Part of the fear that first-time users experience when using cryptocurrencies is the security of their assets. Unlike fiat currency, which can be stored in a physical wallet, digital currencies must be held in the lesser-known digital wallet. What’s more, with the growing adoption of blockchain technologies, hackers are finding digital wallets an increasingly appealing target. Unfortunately, when it comes to security, cryptocurrency users must learn not only how to protect their assets, but also ensure that their passwords and mnemonic phrases aren’t lost or stolen.
By definition, a mnemonic phrase — also known as a seed phrase — is the simplest way to recover a lost private key. The multi-word secret recovery phrase then becomes the master key that generates all the private keys for users’ wallets, which provides access to their crypto funds. Each crypto address in a user’s wallet has its own unique private key, which is necessary to authorize transactions and confirm ownership over the assets stored in that wallet.
Unfortunately, the double-edged sword of this is that anyone who gains access to the recovery phrase can easily clone a user’s account and spend all the funds in it. Therefore, part of the first-time-user fear of using cryptocurrencies is in how to guarantee security and privacy at all times.
For this reason, many users protect their seed phrases with encryption, adding a word to them, dividing their multi-word seed phrase into parts, or storing parts of this recovery code in different places. However, these methods are not perfect and, on the contrary, are rather inconvenient. Since humans are not perfect, make mistakes, and tend to seek only the easiest solutions, maintaining seed phrases becomes a major barrier for ongoing cryptocurrency usage and adoption. To overcome this barrier, one hardware company is proposing a new alternative to the mnemonic phrase dilemma.
Introducing a new model
In a new cold wallet model, a user’s private key backup is no longer based on a seed phrase. Instead, the key is securely cloned on cards that exist in a pack of three. What’s more, the private key is generated inside the wallet chip based on entropy from the hardware random number generator, which effectively eliminates the mnemonic phase setup most wallets currently use. Under this model, if a wallet is lost or stolen, the assets are still with the owner, as they will have two or three of the other wallet cards. One card can act as the main crypto wallet, the second can be securely hidden, and the third can be left in a safe or given to family members. Even if one of the cards is lost or stolen, it’s not a problem, since each card is protected with a password.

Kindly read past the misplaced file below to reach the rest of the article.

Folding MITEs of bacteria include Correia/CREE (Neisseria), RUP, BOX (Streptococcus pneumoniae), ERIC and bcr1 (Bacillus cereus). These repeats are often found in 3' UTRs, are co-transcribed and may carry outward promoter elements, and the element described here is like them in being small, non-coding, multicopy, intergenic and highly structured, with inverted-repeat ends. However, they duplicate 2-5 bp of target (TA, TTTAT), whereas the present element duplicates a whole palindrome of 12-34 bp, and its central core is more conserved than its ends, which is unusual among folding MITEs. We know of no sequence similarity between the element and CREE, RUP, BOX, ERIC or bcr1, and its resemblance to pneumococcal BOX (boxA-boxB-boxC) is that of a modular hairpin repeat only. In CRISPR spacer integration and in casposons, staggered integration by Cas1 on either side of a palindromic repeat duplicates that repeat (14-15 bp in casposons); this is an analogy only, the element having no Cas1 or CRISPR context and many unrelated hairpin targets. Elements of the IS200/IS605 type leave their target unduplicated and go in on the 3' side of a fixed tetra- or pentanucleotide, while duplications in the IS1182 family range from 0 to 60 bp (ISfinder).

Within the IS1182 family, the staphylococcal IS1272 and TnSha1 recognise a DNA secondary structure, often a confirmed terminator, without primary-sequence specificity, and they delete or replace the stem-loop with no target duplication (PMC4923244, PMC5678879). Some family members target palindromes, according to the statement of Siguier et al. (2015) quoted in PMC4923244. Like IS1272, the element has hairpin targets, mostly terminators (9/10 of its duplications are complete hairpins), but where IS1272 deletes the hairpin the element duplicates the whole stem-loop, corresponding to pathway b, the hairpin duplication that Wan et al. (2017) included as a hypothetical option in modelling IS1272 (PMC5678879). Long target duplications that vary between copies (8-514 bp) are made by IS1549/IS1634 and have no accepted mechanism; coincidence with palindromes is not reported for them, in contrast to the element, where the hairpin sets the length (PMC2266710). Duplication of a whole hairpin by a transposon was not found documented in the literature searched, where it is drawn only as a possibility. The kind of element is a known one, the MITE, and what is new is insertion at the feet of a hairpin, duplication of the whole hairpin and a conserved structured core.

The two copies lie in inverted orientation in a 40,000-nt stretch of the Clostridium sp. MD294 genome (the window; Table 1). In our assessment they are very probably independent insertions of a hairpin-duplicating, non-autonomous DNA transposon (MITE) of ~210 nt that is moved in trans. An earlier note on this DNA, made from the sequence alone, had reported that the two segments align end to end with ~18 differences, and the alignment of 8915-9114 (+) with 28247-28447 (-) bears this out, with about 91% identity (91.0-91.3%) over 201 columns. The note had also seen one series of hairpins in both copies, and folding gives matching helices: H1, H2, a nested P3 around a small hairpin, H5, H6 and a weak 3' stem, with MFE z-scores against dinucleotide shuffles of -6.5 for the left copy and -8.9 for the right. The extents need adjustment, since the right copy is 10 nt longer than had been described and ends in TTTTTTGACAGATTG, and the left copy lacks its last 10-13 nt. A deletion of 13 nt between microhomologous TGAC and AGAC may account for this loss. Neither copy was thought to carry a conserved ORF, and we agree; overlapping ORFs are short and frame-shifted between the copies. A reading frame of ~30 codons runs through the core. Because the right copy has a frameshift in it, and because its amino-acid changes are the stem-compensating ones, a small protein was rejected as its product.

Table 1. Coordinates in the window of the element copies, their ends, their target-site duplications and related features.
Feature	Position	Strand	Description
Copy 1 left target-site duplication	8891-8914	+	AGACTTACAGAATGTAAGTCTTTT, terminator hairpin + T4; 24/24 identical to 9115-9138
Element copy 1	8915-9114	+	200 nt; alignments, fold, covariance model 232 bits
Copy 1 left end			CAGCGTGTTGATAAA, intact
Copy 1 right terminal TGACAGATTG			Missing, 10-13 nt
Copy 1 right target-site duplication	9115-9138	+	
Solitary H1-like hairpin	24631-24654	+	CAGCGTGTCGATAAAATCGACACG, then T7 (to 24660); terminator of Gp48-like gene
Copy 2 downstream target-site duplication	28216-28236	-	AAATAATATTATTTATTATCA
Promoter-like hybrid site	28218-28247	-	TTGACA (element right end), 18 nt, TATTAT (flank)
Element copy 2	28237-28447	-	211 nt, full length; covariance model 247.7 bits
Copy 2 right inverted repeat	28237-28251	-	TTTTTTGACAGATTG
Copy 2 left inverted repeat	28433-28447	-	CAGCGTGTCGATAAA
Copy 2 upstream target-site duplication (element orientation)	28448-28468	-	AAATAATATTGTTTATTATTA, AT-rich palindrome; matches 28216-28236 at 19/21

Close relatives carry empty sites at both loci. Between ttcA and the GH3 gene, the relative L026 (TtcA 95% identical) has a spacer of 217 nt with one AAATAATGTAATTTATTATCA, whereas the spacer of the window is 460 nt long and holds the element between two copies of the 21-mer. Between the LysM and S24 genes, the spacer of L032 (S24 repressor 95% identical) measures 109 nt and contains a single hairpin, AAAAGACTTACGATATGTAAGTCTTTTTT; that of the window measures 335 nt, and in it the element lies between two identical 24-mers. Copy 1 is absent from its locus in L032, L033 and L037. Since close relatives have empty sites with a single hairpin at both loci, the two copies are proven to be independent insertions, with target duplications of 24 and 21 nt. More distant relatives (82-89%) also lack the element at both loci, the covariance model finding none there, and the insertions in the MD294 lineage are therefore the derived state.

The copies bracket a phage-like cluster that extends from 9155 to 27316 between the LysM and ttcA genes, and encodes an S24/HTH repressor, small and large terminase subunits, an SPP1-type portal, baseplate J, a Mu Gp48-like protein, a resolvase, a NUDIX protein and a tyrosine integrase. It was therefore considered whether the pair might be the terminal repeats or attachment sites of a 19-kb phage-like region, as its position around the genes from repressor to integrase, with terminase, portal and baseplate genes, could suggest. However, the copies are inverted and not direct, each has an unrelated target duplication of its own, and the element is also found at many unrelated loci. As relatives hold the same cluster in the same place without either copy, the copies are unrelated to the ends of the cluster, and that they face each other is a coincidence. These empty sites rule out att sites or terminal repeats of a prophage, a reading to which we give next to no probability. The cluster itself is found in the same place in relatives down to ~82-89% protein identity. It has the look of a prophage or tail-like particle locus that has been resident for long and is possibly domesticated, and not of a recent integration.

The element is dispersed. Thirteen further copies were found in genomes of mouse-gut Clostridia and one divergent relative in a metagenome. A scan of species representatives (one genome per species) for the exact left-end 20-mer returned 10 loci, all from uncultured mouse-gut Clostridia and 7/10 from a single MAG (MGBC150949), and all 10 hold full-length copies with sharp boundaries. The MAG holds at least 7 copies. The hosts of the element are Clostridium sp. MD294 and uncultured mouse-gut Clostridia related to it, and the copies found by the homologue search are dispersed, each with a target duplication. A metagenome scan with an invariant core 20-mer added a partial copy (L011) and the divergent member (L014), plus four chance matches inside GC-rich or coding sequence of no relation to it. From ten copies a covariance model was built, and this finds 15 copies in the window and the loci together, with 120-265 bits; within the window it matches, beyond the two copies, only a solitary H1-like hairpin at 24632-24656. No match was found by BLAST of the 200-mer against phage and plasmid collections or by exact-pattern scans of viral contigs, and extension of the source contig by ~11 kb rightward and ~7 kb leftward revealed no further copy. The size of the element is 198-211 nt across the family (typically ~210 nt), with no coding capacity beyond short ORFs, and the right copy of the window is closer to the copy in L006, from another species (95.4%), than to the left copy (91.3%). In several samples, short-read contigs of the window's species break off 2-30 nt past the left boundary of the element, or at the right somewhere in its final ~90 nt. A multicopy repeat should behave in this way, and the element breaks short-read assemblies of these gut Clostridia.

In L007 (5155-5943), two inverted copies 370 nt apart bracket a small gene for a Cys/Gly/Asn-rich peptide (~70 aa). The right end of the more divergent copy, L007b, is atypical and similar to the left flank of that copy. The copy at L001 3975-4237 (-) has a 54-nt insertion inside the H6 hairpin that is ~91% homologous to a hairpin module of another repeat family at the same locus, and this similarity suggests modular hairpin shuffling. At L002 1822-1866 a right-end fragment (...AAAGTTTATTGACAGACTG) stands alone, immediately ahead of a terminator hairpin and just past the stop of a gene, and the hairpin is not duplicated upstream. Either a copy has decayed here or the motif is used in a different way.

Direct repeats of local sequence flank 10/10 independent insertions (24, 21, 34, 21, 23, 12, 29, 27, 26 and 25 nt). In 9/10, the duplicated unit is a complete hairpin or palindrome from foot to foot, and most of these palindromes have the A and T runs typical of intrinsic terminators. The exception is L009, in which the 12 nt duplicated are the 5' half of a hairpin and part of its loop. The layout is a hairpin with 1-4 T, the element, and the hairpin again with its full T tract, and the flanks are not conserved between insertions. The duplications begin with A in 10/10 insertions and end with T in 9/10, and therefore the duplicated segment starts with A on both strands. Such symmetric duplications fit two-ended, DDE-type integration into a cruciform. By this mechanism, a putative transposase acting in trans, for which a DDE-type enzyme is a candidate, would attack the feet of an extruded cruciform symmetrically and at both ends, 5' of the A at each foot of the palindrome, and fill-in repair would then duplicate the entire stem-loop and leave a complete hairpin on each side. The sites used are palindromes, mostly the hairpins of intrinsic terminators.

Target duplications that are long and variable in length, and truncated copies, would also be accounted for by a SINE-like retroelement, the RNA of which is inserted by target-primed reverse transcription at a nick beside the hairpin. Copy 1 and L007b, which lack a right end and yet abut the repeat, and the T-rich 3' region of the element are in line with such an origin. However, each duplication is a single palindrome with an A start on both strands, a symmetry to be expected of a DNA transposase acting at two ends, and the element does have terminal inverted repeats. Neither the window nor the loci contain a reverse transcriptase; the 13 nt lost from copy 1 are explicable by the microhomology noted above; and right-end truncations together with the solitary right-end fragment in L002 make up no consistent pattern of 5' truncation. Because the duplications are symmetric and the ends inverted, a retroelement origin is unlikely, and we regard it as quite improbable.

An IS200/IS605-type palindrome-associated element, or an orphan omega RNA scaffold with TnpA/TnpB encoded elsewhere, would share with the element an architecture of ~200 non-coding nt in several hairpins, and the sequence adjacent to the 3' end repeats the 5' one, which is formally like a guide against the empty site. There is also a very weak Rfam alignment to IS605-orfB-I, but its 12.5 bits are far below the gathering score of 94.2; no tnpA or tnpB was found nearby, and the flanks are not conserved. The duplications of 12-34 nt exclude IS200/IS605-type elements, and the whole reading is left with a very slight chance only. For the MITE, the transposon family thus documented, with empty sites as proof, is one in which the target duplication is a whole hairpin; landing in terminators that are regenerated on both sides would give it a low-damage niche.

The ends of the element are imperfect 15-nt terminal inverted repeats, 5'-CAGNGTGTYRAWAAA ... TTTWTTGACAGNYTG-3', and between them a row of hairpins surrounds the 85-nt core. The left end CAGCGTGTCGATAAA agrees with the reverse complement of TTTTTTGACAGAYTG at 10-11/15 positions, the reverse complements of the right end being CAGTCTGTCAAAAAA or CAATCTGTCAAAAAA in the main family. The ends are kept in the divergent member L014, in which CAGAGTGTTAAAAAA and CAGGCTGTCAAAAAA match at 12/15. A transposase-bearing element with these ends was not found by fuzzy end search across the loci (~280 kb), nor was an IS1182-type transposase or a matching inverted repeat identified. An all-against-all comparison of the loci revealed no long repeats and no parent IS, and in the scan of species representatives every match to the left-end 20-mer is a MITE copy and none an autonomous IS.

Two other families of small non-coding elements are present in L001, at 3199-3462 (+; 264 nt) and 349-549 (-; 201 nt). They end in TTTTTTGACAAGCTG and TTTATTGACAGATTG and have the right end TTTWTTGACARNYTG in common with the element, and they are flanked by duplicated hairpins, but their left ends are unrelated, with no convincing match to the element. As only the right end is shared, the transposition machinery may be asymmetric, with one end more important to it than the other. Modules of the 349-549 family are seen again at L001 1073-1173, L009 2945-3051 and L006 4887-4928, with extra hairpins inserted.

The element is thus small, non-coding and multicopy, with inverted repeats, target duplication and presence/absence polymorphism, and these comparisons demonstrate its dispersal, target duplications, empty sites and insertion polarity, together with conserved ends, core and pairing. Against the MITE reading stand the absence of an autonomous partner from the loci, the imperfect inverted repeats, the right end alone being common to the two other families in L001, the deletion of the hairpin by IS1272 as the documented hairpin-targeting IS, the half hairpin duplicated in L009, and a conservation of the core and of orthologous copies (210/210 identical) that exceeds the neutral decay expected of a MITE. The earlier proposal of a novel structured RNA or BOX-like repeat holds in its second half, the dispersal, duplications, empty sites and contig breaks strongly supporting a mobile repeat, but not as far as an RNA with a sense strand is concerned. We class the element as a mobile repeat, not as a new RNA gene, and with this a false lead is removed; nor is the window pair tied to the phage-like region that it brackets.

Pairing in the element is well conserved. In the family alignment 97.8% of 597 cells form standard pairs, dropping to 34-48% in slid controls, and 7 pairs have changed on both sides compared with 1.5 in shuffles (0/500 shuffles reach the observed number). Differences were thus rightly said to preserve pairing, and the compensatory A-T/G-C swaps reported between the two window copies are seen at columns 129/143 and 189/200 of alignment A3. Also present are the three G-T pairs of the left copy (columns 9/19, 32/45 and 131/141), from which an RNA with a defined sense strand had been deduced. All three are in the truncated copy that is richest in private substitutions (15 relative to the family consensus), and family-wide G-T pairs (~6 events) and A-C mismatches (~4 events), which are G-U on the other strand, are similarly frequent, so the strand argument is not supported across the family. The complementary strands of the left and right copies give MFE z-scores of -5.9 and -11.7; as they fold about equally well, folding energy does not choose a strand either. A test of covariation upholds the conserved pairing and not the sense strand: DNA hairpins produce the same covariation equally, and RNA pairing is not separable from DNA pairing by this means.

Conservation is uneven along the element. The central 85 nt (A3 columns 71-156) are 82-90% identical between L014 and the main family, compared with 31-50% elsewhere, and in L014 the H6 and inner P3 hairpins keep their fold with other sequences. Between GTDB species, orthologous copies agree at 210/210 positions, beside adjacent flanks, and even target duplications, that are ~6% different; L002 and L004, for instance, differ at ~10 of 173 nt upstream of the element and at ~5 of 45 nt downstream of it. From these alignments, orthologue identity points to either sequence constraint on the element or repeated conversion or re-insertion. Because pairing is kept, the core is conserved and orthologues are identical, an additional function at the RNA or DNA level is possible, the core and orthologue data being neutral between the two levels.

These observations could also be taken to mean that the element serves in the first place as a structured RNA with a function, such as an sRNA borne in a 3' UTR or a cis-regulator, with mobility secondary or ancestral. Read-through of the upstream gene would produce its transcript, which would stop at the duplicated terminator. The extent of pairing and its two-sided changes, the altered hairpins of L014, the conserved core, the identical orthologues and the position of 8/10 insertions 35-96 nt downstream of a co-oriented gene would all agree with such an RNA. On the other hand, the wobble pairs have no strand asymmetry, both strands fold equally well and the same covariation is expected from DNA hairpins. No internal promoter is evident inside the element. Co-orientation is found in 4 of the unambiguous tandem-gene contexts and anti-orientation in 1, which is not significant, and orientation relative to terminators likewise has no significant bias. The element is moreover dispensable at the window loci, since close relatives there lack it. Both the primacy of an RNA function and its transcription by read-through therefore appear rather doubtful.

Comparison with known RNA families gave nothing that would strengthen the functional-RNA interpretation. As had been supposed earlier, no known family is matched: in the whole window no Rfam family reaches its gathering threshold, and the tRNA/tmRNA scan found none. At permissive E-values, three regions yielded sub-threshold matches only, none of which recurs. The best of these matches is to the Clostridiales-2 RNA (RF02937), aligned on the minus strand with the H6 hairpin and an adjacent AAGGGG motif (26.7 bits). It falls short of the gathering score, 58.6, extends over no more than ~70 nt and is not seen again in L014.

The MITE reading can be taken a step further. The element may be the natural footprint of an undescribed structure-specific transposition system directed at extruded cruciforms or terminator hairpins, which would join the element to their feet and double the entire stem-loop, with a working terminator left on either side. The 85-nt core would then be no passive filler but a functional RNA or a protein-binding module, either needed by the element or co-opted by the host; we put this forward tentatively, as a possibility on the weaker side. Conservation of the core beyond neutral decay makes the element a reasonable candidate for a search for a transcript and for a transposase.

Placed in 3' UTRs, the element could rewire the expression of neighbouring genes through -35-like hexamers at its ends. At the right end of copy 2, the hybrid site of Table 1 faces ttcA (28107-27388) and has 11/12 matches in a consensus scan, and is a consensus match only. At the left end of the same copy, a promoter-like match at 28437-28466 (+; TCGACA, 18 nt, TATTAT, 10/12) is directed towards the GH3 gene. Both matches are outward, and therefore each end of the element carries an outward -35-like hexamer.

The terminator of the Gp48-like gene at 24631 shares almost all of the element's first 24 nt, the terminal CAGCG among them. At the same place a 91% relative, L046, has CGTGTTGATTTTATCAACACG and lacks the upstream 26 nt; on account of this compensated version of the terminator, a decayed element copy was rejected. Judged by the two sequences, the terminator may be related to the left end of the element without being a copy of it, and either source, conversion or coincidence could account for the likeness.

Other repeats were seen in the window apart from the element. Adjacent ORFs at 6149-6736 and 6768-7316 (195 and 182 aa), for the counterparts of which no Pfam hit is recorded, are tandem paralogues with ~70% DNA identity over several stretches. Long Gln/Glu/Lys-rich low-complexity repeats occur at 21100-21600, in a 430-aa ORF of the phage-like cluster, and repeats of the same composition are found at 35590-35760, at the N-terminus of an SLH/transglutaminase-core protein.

Moreover, with this model, it becomes nearly impossible to crack the password by force or a guessing strategy, as systems can be set up so that when a password is entered incorrectly, after the sixth try, the next attempt delay is increased by 1 second for each unsuccessful attempt, up to 45 seconds. The benefit is that, unlike a wallet protected with a seed phrase, this modern alternative offers additional security to new and experienced users alike.
A patented protocol
Tangem, a company that currently possesses and markets a hardware cold-wallet technology for securing cryptocurrency assets, is piloting this model. The team boasts a simple and secure user experience across the 170 countries the company operates in. Tangem is also the first company to successfully implement the concept of a seedless wallet.
In launching this solution, Andrey Lazutkin, chief technology officer at Tangem, shared:
“The crypto community is accustomed to using mnemonic phrases and sees them as essential. We identified this as an issue from the very outset, as it raises the barrier to entry for beginners and heightens the risk of losing cryptocurrency. This is why we created our patented secure private key reservation protocol. Backups can’t be extracted from the device and can only be used by the wallet owner who knows the password. It’s a simple and safe solution.”
Tangem recognizes that security in hardware wallets is nothing without reliability. Since device failure requires users to have to back up their private key, this opens the door to additional vulnerabilities. Each card features a microcomputer chip that has received certification from Common Criteria at the EAL6+ level, which is the same level of chip protection used in diplomatic passports. The result is the card is impervious to dust, water, and hacking attempts, and has a lifespan of over 25 years. Through a combination of the secure element (SE) chip and an NFC-antenna, the technology that authorizes cryptocurrency transactions through a smartphone virtually eliminates the possibility of any other failures due to there being “nothing to break.”
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